Every Single Day’s first foray into fiction.
Meet Sally. Sally wants to live in a little house by the sea. She wants a house and a husband and a dog, and when she steps outside she wants sea air to breathe. That’s what Sally wants, she doesn’t want less. She wants a house, a husband, a dog and she wants to smell the sea. That doesn’t sound like too much to ask, to me.
Sally agrees. She doesn’t think she wants too much. Sally thinks she wants something average, something everybody gets. A partner and a little house and a pet. Not too much. She lives her life and works at her job and pays her taxes and hosts book club every other Tuesday. She has friends and family and everyone loves Sally. Sally is easy to love. Because she’s a good person who is kind and thoughtful and smart and witty and she’s doing just fine, our Sally. Except Sally is single, so that’s what people see.
“Are you seeing someone, Sally?” That’s what they always say. Not, “How’s work” or “How’s book club?” or “Any plans for the weekend?” They see her single first; they don’t see Sally. Their questions and looks and pats on the arm all make Sally sad. They make Sally wonder if there’s something wrong with her. If there’s something wrong with not having the things she wants yet. There’s nothing wrong with Sally. But Sally is single, so that’s what people see. And all Sally wants is a husband and a dog and a house by sea.
Sally has always gone in order, and she wants to go in order now, because that’s the way everyone goes. She went to high school, then college, then work — in order. She wants to go in order now. She wants the husband and then the dog and then the house by the sea. That’s the order the world shows Sally, and that the order Sally wants. Sally doesn’t think she’s asking for too much. Everyone gets to go in order, why not Sally?
Sally is specific. She wants a German Shepherd. She thinks they look regal and sweet with giant happy ears and a boop-y nose. Sally wants a small house with a small backyard and a mailbox with a little flag on the side. She doesn’t really care what color the house is but light blue sounds nice. She wants big windows and a breakfast nook and a washer and dryer, of course.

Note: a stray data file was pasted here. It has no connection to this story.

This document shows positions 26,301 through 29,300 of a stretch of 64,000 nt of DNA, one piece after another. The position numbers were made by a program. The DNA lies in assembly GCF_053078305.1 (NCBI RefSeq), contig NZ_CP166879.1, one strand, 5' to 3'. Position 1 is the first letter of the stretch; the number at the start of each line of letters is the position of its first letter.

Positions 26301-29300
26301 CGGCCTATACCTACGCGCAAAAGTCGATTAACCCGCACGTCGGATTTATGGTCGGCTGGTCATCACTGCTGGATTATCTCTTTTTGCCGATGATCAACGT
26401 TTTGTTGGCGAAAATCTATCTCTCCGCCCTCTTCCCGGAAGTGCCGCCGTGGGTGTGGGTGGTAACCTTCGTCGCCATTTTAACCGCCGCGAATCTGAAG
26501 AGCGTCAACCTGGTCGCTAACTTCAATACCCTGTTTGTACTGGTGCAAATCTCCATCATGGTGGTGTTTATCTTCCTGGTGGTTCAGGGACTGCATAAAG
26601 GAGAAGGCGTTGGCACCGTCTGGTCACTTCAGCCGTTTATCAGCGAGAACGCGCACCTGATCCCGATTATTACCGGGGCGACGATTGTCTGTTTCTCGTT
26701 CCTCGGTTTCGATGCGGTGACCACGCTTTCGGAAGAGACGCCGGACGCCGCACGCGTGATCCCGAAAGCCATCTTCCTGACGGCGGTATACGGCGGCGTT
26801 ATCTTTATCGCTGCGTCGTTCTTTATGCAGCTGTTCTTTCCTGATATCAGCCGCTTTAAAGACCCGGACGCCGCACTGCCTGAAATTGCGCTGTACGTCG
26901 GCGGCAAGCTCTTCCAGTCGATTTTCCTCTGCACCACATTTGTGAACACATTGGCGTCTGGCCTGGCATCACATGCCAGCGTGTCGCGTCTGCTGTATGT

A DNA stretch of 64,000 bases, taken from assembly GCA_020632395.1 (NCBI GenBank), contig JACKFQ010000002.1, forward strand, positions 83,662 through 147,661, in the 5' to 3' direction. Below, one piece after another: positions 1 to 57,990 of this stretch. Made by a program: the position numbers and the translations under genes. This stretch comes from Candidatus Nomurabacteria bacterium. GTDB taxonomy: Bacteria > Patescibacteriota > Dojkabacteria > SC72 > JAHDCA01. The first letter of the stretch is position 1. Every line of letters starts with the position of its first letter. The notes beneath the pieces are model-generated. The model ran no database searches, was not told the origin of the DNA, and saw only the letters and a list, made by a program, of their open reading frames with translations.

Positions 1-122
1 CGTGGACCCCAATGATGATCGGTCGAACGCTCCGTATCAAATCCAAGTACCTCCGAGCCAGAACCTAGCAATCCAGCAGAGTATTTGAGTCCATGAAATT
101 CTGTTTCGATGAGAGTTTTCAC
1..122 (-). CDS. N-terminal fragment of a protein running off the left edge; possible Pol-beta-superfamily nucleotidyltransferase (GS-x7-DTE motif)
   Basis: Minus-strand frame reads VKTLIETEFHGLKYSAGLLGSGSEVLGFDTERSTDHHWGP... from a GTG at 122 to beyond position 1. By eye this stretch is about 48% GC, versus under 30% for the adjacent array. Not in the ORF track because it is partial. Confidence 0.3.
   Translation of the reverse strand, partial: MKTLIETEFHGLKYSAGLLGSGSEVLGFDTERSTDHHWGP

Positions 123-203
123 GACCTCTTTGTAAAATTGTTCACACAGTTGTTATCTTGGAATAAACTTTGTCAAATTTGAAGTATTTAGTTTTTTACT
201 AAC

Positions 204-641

Sally wants a specific husband, too. Sally wants a husband Sally wants.
Sally wants to love her husband. She wants to want her husband, too. She wants him to want her back. She wants to feel part of a team. Sally wants her person. She likes dark hair and light eyes but who cares, really? Someone smart would be grand, someone funny’s a must, and someone who loves doing the dishes, just for grins. (Sally hates doing the dishes, but she’ll gladly do the laundry in exchange.) Sally wants a husband, the right husband for Sally. She wants a husband who also wants her and a dog and a house by the sea. Sally doesn’t think she’s asking for too much. Sally thinks she’s asking for something average, something everybody gets. Sally knows everybody gets it. Sally has Instagram.
Everybody else got what Sally wants, but faster, so they say silly things to Sally.
“You’re getting old, Sally.”
“You didn’t try hard enough, Sally.”
“You didn’t do enough Sally.”
“We got what you want, but faster. So something's wrong, Sally. You’re single Sally, something’s wrong.”
So Sally listened to what they said. She did more, tried more, wore makeup, dyed her hair, went on apps, went on dates, she tried really hard, our Sally. She met a few people and did some fun things and it was good, Sally guessed. But Sally wanted more than good. Sally wanted her person, not a person. And Sally simply hadn’t met him yet. So then they said…
“Your standards are too high, Sally.”
“You’re too picky, Sally.”
“This one’s good enough, Sally.”
Good enough. That was new to Sally. Good enough felt a little bit good and a little bit sad. Sally didn’t know why good enough was what everyone wanted for Sally. They got more than good enough. They got what they wanted. But they got it faster. Sally was slower, so Sally should settle.
Sally thinks about settling. She’ll get things faster, if she settles. She’ll get a husband and a dog and a house by the sea. She’ll get them if she listens to what other people think is good enough for Sally.
Sally thinks about that: good enough for Sally. Good enough for Sally means less, less than what everyone else got. Why would anyone want something for Sally that was less than what they got? Why is something less enough for Sally? Sally never thought she was asking for too much. But things took time for Sally, so Sally should settle. Sally should settle for less than what she wants because what she wants didn’t come as fast as it did for everybody else.
Fuck. That. Sally.
Sally doesn’t want to settle. Sally doesn’t want less. Sally wants everything she wants, the way she wants it. The way she wants it doesn’t sound like too much to Sally. She wants her husband and her dog and her house by the sea. And she wants it to be as good as everyone else got, not less. Sally doesn’t want to settle, just because some things take more time for Sally. Sally thinks maybe it’s okay if some things take time.
Sally says no. Sally decides she won’t listen to people who got what they wanted, but faster. Sally decides it’s okay to go out of order. She’ll get what she wants in any order she likes. Sally won’t settle, because settling for less than Sally wants is asking too much of Sally.
Sally is single and she doesn’t want to settle. And now she has a mortgage and a house by the sea. Sally’s German Shepherd’s name is Shelly. Sally won’t settle, because Sally doesn’t deserve less. Sally knows she deserves everything she wants. Sally knows settling is just someone else’s schedule. And now life feels very good in her house by the sea.
Good job, Sally.